When the main entrance to the cathedral in the western facade was walled over before AD 923, a flat recess replaced it in the interior, in the narthex. After being plastered, it was decorated with a depiction of enthroned Virgin Mary with Child, and archangels Michael and Gabriel painted on the sides. Later on, the walls were plastered anew two times, and each time a new composition was painted.
The figures of archangels Michael and Gabriel flanking the recess come from the original decoration. The angels in Byzantine imperial costumes were guards of the Mother of God and Her Son, covering them with their elevated wings which formed a kind of a baldachin above the throne. The artist, in this manner referenced an allusion to the wings of the cherubim which similarly covered the Ark of the Covenant in the Temple of Jerusalem.
Both archangels hold in their left hands a disc or an orb – the imperial symbol of the reign over the world. In his right hand, Michael holds a trumpet, the attribute of a herald announcing the Second Coming of Christ on Judgement Day. Gabriel raises a sword held in his right hand. In Coptic magical texts the divine emissary Gabriel is also the angel of punishment whose weapon is the sword. The horn and the sword were likely to remind the penitents standing in this part of the church in the narthex about the upcoming Judgement.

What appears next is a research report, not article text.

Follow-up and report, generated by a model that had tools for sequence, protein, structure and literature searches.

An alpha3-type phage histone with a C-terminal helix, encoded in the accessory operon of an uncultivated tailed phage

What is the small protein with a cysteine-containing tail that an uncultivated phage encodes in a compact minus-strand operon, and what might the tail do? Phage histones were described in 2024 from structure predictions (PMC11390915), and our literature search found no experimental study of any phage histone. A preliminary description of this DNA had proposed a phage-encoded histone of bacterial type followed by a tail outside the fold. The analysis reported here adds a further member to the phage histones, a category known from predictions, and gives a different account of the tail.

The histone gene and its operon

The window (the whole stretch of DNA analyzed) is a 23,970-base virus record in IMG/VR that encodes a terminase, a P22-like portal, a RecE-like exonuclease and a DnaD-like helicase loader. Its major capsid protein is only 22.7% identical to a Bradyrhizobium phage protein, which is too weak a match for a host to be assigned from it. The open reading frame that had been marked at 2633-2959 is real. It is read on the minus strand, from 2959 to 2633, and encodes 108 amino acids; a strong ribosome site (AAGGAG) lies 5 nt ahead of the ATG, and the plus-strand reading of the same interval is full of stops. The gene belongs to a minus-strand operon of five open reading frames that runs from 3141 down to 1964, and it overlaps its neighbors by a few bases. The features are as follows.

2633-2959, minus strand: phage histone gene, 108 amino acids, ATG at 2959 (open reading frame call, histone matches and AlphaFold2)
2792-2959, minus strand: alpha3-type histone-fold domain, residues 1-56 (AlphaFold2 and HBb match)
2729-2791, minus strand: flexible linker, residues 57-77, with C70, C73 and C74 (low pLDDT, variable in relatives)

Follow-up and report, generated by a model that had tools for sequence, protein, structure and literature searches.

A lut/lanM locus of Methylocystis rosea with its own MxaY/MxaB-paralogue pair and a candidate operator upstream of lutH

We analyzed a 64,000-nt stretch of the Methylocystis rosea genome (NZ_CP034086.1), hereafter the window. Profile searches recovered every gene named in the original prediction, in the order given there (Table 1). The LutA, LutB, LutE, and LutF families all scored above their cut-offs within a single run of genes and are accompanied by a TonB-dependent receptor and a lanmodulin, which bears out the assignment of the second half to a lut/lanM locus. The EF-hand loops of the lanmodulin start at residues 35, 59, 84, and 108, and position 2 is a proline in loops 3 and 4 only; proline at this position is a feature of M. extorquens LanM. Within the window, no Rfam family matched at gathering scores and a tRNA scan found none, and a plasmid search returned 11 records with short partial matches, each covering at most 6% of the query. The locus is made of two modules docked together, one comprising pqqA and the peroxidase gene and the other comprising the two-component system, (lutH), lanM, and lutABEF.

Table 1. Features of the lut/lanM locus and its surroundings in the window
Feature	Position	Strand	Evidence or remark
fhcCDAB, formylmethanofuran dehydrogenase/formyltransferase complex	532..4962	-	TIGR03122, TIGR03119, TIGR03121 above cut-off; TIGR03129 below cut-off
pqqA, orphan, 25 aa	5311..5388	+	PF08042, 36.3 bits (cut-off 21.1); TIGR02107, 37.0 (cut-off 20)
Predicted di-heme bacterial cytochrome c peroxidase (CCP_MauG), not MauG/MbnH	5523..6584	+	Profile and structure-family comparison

Midway through the tenth century AD the entire wall including the recess was plastered for the second time. In the twelfth century AD a portrait of Virgin Mary wearing a crown and imperial coat; standing with The Child in Her arms against the dark blue night sky was painted in the recess. The Mother of God holds a narrow kerchief wrapped around Her thumb, which was an element of court dress of Byzantine ladies usually worn by hand or by the belt.
The damage to the face and eyes of the figures was inflicted after the Muslim conquest of Nubia in accordance with the ban on visual representations of living beings observed in Islam.